Link and Layer
The techniques in the Character Creation Sheet are borrowed from the Stanislavski system (and Uta Hagen). Make this explicit to students, especially if they have already studied these techniques.
Consider using the material generated in this final task as the basis for a collective creation. The class may decide to focus their collective creation on one or a combination of the monologues performed, or may wish to choose a theme or issue from their discussions and reflections for further investigation.
Hyperlinks in the Lesson
|Approximately 200 minutes
Individual > Create Set and A Gesture
Invite students to find a spot in the room where they can work individually. Have them to create a set for their monologues using whatever is in the room (they can bring props from home as well). Ask them to begin with one line from the script that they think is the most important or most revealing for their character. Tell them to memorize the line and find an action or gesture to accompany the line.
Instruct students to rehearse their one line again and again so that they find a beginning and ending to the action and gesture as well as the line. Explain that if we were to catch this ten second glimpse into your character's world, we would learn everything we could about them through this gesture and line.
Stop the rehearsal when you think students are ready and invite each student to perform their line and gesture. Give students feedback on how strong or revealing their choices are and what they could extend further.
Repeat the above process but this time ask students to create the "moment before" and then the first line and gesture.
Paris > Creative Process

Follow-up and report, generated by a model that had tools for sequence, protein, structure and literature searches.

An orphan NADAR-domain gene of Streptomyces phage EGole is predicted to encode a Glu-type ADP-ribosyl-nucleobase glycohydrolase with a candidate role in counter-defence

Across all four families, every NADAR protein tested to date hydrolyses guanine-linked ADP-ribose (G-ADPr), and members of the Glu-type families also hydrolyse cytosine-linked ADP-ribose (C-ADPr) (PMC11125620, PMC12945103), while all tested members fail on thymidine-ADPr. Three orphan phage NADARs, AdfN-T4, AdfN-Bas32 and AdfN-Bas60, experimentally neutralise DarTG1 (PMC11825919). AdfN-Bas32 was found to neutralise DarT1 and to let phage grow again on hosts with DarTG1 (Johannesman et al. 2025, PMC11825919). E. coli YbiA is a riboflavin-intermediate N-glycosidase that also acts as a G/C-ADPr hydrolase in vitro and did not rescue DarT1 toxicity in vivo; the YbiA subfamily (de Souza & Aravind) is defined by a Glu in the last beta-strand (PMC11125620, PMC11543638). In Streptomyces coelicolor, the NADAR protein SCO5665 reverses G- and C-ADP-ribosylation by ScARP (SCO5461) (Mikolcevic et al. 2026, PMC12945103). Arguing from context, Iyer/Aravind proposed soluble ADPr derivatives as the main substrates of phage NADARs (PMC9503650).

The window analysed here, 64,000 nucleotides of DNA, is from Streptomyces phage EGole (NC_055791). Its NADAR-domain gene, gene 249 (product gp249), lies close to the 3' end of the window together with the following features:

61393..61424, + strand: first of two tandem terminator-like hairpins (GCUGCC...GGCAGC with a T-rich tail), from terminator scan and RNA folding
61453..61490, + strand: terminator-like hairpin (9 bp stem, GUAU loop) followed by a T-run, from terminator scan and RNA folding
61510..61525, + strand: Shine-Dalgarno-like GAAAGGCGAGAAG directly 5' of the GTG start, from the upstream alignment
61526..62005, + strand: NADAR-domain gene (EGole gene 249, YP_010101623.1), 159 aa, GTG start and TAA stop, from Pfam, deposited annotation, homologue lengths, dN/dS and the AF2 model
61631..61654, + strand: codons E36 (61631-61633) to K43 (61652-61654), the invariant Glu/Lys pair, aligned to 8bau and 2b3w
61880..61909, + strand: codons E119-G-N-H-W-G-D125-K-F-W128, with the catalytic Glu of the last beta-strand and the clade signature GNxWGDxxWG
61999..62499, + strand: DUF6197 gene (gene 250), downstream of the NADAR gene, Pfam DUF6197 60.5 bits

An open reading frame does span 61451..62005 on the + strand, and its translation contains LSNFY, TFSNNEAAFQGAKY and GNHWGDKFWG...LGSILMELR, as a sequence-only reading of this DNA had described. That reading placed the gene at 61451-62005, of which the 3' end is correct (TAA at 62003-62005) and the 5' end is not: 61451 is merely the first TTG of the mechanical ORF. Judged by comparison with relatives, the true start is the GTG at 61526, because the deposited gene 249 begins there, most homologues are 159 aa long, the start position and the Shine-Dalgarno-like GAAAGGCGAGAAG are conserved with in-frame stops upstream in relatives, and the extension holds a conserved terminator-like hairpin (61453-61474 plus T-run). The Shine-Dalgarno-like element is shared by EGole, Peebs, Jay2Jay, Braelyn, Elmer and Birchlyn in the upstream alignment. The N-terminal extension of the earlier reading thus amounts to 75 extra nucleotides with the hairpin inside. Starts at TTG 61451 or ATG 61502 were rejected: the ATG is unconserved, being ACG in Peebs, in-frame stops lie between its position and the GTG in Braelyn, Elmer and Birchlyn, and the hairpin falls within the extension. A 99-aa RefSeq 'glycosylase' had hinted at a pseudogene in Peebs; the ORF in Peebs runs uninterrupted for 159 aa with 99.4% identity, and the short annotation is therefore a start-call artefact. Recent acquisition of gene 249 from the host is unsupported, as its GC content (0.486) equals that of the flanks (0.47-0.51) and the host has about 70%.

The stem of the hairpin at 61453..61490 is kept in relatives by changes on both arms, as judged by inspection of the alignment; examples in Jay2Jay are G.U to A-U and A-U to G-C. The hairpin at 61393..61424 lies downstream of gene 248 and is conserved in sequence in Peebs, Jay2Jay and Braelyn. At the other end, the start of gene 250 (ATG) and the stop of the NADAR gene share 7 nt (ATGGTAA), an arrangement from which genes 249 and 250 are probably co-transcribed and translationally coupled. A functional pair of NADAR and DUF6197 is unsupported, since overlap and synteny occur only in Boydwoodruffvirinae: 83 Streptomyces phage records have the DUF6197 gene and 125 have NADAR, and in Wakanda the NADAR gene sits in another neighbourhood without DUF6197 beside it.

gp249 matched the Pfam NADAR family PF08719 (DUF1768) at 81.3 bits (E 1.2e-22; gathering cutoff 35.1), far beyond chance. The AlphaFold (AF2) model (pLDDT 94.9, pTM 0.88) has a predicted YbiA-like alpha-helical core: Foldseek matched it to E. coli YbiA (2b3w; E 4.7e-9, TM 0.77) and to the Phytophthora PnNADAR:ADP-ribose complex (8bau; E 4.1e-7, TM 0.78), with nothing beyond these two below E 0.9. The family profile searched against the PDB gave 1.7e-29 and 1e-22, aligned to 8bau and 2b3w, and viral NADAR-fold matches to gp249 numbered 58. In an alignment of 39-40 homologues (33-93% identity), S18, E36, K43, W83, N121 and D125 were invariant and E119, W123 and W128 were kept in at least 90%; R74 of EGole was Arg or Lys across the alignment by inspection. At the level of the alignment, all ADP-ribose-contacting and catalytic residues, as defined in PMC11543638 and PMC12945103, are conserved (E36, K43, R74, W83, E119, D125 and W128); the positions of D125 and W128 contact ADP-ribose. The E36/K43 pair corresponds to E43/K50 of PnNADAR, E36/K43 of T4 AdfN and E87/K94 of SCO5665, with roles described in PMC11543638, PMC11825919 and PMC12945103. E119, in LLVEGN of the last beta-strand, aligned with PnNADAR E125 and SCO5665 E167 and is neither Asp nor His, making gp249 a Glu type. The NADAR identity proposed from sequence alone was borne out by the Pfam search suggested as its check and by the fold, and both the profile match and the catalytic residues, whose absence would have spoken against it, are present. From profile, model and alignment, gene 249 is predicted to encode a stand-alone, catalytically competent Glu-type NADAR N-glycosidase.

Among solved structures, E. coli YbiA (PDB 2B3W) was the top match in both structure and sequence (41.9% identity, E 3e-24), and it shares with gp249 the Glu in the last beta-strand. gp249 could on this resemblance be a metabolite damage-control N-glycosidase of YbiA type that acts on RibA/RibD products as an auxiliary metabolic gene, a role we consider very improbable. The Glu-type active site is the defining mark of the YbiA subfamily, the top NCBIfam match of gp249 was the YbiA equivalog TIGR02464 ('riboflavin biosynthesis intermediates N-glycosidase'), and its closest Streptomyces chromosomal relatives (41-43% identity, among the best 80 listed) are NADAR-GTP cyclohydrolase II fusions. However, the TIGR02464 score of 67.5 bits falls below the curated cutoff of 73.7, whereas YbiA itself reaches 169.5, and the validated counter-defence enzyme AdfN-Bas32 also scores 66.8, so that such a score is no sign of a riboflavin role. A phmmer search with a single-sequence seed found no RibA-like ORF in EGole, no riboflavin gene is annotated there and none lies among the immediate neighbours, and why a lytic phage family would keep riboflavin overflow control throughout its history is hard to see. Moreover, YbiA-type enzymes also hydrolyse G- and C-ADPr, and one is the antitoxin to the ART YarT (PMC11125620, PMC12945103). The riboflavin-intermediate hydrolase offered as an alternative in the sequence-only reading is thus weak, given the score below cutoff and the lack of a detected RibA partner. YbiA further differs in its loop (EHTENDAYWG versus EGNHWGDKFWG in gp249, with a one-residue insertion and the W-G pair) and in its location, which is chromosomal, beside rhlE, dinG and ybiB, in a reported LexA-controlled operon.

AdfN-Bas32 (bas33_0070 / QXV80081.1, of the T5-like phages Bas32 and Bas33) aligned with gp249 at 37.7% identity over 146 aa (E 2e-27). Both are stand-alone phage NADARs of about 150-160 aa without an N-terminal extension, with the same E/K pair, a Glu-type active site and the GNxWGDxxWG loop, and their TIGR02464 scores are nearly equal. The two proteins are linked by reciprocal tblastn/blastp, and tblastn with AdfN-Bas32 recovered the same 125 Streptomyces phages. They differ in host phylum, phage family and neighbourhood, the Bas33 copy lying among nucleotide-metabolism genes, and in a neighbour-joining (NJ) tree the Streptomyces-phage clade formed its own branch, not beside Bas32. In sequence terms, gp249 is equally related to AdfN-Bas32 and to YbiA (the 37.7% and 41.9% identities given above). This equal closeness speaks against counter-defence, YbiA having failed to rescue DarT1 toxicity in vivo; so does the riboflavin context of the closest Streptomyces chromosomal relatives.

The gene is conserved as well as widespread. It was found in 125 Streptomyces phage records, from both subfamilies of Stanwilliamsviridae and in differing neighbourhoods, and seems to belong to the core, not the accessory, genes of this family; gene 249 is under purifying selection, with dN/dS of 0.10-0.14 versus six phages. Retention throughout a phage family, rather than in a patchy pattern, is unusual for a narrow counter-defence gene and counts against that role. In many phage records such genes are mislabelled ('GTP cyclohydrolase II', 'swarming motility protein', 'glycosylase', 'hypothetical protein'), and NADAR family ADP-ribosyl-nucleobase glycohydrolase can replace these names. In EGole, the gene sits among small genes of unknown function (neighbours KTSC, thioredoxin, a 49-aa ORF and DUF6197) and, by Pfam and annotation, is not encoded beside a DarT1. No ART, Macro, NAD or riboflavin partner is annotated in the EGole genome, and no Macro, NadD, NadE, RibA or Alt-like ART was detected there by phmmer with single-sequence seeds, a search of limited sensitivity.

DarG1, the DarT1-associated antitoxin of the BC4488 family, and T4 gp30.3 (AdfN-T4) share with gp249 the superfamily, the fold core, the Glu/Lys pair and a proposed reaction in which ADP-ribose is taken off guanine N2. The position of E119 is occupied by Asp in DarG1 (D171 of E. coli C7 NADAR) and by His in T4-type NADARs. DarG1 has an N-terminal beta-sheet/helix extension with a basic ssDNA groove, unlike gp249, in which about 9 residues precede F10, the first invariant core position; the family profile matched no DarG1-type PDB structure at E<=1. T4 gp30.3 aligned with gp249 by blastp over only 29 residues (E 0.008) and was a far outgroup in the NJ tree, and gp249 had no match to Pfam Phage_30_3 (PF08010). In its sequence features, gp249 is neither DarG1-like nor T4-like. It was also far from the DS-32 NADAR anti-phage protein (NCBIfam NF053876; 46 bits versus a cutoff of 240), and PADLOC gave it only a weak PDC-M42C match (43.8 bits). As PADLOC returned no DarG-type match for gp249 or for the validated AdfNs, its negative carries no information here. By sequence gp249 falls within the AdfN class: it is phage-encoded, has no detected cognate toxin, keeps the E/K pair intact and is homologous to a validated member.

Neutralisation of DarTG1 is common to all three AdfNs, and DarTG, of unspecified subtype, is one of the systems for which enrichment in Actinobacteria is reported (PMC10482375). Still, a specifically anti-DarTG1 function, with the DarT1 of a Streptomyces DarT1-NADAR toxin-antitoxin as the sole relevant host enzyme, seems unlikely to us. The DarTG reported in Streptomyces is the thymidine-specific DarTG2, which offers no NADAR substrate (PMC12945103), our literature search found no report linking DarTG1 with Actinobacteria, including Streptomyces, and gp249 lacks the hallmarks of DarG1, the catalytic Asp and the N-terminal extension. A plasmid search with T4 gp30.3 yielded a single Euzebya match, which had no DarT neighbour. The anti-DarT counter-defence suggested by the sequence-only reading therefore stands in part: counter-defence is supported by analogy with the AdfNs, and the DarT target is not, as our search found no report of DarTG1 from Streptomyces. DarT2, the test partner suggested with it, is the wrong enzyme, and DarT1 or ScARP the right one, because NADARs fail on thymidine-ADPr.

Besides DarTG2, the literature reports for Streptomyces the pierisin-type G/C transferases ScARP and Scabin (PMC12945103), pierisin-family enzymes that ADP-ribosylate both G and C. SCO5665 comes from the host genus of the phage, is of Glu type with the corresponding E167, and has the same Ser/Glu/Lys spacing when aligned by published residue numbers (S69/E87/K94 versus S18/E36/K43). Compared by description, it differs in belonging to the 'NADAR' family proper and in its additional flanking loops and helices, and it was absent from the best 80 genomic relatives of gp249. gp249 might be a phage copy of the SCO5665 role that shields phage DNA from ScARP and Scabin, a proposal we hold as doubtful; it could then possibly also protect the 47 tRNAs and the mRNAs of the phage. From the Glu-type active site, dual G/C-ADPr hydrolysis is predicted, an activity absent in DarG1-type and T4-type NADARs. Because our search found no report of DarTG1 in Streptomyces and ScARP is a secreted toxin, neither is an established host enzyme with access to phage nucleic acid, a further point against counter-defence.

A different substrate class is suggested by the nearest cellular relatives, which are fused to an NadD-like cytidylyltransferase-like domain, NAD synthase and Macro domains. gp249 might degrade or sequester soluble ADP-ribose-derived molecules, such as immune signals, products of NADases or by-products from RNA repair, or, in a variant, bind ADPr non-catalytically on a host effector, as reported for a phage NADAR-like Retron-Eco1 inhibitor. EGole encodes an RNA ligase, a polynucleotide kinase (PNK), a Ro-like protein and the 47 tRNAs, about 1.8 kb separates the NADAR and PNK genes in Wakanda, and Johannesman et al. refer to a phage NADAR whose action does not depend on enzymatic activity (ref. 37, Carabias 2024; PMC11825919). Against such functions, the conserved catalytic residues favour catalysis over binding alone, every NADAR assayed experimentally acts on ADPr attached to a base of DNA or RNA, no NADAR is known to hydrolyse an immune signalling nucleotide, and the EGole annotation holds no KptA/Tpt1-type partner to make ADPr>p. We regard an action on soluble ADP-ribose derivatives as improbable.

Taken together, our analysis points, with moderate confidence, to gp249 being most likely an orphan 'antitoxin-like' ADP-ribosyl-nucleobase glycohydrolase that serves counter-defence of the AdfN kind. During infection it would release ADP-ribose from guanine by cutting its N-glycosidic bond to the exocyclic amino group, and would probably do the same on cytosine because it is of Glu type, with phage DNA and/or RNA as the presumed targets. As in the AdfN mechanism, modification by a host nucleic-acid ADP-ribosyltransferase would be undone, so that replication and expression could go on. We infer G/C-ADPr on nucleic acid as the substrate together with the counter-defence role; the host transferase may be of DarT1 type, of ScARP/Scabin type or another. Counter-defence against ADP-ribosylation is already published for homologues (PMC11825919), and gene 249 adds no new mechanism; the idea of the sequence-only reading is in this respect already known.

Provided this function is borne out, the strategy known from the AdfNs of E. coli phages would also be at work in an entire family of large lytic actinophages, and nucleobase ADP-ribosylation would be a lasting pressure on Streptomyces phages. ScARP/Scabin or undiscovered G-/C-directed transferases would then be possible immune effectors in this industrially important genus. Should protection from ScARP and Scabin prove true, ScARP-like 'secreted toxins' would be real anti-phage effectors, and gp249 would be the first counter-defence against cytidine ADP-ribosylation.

Ask students to work for at least one class in pairs with one student directing and holding the text while the other student is given (by the director) the lines and ideas for creation. Ask the director to keep these questions in mind while helping the actor:
Is the opening moment believable (where is the character coming from and what are they doing)?
How are they using their set?
Are the objectives and obstacles being played?
Can the audience hear them?
To whom are they speaking?
Can I help the actor to make this clearer?
Whole Class > Co-construct Success Criteria
Stop rehearsal at an early point in the creative process to develop the success criteria for a performance rubric. Ask students to suggest categories (like voice, movement, set, objective). For a sample performance rubric see BLM #7 Monologue Performance Rubric.
Whole Class > Performing and Evaluating
Perform the Verbatim Theatre monologues. At the end of each performance, ask students to comment on one positive aspect of the performance.
|Approximately 5 minutes
Whole Class > Discussion
After presentations have concluded, use the critical analysis process to facilitate a discussion with the class based on their observations of their peers' work.
Key Questions for Discussion:
Were there common themes running through our stories? What were they?
If you could choose a Verbatim Theatre topic that would be interest or importance to the school, what would it be and why?
How are the examples of Verbatim Theatre that you have seen in this class different from the version of 'reality' that is popular on television?
Do you think Verbatim Theatre makes for compelling theatre? Why or why not?
Whose voices get silenced in this school? In our community? In Canada? In the world? Why is it important to hear their voices and stories?
Individual > Written Reflection
Hand out BLM #8 Verbatim Theatre Reflection and ask students to begin answering the questions. Ask them to return the reflection within 3-5 days for evaluation.